Anesthesiologist Questions Anesthesiologist

Is knee arthroscopy done under general anesthesia?

I am a 50 year old male. I want to know if knee arthroscopy is done under general anesthesia?

11 Answers

It is possible. It may depend whether the arthroscopist is skilled at going under local anesthesia . Also the location where it is done, office versus clinic versus free standing surgery center
General or regional
Depends on the surgeon. For arthroscopy for repairing or removing a torn meniscus, some surgeons can use local anesthesia effectively along with deep sedation provided by an anesthesiologist. Most, however, prefer that their patients have general anesthesia.

For larger procedures like ACL repair surgery, surgeons use a tourniquet around the thigh, and general anesthesia is necessary. Often a nerve block using local anesthesia to numb the nerves to the knee and lower leg is offered by the anesthesiologist in addition for help with post-op pain management.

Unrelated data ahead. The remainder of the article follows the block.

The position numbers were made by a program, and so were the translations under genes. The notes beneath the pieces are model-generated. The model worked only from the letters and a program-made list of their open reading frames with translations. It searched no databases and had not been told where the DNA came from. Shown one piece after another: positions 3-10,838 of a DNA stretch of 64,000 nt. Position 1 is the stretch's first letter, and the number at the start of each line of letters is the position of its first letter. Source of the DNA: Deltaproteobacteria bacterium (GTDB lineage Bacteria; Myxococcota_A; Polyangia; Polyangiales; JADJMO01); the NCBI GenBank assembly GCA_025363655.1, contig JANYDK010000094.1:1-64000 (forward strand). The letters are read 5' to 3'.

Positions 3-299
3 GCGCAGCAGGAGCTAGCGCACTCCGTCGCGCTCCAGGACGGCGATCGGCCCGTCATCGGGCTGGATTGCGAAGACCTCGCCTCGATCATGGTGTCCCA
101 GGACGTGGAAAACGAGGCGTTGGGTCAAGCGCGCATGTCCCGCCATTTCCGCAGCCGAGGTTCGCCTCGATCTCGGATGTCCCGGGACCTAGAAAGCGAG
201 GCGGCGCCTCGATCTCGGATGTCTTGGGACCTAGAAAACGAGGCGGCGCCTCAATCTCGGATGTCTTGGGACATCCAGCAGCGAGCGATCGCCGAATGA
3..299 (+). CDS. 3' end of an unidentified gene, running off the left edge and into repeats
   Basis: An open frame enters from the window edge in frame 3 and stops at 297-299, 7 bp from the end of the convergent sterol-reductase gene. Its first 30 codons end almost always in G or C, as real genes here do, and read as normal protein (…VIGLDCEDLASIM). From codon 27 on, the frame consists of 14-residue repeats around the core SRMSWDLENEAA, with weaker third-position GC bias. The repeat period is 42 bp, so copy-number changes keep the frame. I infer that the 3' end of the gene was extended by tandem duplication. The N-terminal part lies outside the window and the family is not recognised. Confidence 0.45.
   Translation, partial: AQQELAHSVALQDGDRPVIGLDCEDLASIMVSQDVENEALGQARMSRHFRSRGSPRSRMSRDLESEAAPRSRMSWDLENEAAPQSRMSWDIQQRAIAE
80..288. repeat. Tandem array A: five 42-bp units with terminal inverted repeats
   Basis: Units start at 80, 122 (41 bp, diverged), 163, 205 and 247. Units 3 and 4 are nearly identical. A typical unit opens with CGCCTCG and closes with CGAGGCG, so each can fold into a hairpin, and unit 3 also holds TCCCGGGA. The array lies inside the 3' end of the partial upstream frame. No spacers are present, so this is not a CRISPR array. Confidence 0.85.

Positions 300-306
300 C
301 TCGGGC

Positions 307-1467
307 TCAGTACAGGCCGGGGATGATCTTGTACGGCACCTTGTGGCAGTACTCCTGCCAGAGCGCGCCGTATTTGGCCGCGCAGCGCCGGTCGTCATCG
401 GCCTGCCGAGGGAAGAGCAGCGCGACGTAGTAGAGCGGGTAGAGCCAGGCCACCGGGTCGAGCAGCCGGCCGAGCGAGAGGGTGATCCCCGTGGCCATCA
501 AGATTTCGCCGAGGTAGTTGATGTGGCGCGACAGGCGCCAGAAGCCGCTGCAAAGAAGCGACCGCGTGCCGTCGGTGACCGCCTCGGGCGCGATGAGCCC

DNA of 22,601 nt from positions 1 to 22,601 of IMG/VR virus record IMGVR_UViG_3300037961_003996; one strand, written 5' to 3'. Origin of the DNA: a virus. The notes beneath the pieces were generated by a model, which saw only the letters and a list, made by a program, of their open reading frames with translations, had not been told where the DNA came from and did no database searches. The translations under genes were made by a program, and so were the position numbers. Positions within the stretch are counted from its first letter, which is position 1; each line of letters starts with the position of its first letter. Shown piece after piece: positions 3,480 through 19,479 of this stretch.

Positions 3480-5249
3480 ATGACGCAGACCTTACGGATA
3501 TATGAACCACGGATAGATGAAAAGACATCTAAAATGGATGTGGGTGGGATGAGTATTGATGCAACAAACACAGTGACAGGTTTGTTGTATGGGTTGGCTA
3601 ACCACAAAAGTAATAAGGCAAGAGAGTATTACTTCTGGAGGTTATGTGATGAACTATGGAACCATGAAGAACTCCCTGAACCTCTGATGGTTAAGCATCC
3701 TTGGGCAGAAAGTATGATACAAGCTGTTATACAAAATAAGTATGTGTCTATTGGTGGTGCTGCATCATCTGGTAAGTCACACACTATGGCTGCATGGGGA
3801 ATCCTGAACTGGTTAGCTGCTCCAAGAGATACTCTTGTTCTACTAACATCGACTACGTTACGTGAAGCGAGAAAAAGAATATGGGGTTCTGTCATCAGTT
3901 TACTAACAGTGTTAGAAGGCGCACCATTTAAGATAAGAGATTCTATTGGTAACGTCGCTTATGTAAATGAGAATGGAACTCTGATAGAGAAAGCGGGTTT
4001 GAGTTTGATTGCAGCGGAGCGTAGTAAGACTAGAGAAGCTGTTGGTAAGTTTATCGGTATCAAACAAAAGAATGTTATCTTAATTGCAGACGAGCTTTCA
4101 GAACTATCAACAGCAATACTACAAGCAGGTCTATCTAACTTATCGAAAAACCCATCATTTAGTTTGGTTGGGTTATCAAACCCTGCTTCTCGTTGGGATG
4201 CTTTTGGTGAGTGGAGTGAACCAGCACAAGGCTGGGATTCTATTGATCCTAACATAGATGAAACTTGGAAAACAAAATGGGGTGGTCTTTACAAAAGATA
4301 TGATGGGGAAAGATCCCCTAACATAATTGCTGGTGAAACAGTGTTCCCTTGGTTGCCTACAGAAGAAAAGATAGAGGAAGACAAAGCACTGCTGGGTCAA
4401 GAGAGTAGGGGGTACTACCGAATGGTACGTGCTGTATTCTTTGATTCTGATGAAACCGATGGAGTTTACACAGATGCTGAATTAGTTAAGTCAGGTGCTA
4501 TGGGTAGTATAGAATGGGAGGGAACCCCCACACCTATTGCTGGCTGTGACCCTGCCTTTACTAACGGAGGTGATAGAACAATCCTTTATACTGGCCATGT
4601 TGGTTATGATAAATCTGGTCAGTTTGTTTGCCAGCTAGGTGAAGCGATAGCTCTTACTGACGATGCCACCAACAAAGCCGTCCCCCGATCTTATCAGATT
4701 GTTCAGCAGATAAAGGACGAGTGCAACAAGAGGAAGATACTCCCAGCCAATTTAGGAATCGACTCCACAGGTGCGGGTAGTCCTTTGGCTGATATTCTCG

Knee Arthroscopy can be done under general anesthesia, regional anesthesia (that is spinal anesthesia or epidural anesthesia), under nerve blocks in the groin (femoral and obturator nerves) and evening under local anesthesia of the knee. The surgeons may have preference for one technique or the other, or depending how much surgery may have to do for a particular patient. Also, it depends how comfortable the anesthesiologist feels in doing those techniques.

Wish you the best,

M. Tabatabai, MD
It depends on several factors. It can be done under general anesthesia or combined nerve block and deep sedation.

Boris Yaguda, M.D.
A knee arthroscopy can be done under general anesthetic, spinal anesthetic, or epidural. Personally, I've had my knee scopes done under spinal anesthesia.
YES, general anesthesia is usually the safest and most expedient way to undergo knee arthroscopy.
It often is but can also be done under spinal anesthesia if desired.
Knee arthroscopy is done most often under general anesthesia, but there are many other options available if you so choose. Spinal anesthesia is also often used. Various nerve blocks may be used. If you have a preference, contact your anesthesia provider prior to surgery to discuss options.
Good luck!
This procedure could be done under any type: Geta, spinal, or local with IV sed.
Usually this is patient's choice, unless there is strong reason to avoid general anesthesia.